|Artist & Gallery|
The students had the rare privilege of having Dr. Grant, who wrote their textbooks on anatomy, lecture to them in the lab. He had come from Canada in the fall and winter quarters as a visiting professor, and at the age of eighty-three gave the young people a sense of continuity, a from generation to generation feeling. He published his first anatomy textbook in 1943, and the students were using the 1962 fifth edition of his Atlas, Dissector, and Method books. He was one of the few M.D.'s with whom the students had contact in the first year; so many of their teachers were Ph.D.'s in anatomy or physiology. When he spoke to them, he tried to teach them some important concept; and so when they left his lecture they came away with an idea that they had not understood in that hour, not just notes to be studied later. He would help them picture in their minds relationships in the simplest form: "Consider the unmatched organs in the abdomen like leaves in a book." Too often the young instructors emphasized details, including their own minute research, or they repeated the textbook. In his lectures, Dr. Grant used his age well: he would ask the students to "help him" recollect some detail! In an era which worships youth, it was pleasant to witness wisdom respected.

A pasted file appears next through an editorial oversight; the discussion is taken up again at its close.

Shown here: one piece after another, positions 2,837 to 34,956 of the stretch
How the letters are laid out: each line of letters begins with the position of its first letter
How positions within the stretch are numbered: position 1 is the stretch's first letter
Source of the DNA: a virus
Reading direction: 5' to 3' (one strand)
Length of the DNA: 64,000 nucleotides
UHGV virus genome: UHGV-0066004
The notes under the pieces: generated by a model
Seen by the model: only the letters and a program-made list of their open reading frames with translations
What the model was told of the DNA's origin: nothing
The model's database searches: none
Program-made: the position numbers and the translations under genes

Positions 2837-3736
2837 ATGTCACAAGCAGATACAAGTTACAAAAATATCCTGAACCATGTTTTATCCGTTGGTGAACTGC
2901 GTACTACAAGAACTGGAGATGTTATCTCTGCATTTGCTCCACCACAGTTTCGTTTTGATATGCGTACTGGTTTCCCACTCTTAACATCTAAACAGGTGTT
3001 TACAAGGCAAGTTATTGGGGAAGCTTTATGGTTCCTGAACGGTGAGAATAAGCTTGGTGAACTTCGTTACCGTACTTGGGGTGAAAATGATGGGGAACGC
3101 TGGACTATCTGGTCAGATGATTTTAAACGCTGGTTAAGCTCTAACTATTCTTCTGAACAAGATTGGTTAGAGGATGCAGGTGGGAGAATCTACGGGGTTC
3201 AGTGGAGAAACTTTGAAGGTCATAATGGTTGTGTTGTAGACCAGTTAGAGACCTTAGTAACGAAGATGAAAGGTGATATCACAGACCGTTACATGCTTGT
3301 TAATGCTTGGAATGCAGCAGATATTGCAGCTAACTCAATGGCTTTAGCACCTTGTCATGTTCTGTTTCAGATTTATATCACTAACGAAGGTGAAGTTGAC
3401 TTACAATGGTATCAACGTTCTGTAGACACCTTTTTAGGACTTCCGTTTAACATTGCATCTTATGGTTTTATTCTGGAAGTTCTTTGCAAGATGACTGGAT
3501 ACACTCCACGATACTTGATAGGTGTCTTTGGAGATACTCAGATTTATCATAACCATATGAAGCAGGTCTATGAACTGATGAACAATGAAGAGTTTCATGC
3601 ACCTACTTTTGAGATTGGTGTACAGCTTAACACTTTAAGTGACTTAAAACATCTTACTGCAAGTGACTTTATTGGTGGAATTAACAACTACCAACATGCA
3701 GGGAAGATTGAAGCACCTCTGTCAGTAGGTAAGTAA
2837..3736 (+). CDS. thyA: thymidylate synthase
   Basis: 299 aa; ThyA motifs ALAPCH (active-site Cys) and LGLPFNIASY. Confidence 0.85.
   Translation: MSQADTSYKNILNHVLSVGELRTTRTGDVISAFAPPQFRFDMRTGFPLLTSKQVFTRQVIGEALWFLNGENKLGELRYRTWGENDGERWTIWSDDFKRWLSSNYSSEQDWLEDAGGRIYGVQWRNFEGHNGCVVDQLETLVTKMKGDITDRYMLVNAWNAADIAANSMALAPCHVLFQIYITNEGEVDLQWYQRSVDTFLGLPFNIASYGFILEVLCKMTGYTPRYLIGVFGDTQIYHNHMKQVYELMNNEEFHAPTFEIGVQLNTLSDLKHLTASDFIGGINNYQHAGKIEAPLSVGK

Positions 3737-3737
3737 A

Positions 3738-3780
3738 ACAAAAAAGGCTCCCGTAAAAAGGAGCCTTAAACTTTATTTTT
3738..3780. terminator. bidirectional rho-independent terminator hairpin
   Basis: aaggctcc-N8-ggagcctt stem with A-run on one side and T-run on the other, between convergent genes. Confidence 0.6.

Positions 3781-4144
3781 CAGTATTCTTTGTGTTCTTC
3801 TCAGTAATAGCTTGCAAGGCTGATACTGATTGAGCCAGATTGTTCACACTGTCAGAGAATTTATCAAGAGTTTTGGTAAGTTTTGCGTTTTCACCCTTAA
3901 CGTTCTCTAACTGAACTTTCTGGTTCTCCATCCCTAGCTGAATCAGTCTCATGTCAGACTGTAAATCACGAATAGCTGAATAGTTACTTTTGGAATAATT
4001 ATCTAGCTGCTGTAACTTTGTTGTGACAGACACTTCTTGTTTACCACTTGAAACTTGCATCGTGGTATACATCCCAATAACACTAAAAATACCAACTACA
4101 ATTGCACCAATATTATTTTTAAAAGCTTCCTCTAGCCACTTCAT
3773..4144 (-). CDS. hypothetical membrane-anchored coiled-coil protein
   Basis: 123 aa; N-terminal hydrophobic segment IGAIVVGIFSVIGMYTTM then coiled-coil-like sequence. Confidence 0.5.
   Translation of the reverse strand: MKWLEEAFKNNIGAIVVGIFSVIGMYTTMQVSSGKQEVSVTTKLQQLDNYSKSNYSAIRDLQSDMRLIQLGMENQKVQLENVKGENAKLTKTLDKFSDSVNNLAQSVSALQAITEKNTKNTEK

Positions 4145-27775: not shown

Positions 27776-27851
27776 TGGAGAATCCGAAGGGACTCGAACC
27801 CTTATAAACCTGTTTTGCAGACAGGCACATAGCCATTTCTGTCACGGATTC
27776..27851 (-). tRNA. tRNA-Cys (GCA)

Here is a drypoint of him and his assistant professor dissecting out a duodenal hernia in one of the student's cadavers. Although his hands were arthritic, he dissected with blunt tweezers in birdlike movements. He admired how we prepared specimens here and tried to preserve as much as he could while here. In this case he was looking for new specimens for his anatomical museum in Canada. When he reached the insertion of the structure and realized that it was not unusual enough for his collection, he gave the cadaver back to the student, who stood impatiently behind Dr. Grant. He was anxious to complete his work and go home.
Dr. Grant had respect for anyone at any level who wanted to learn and he would stay in the lab until the last student finished. When there were no students around, he tried to teach the young woman who worked for him in the embedding lab...only she argued with him!
Excerpt & image from: Lesser, May H. The Art of Learning Medicine. New York: Appleton-Century Crofts; 1974. p. 6-7.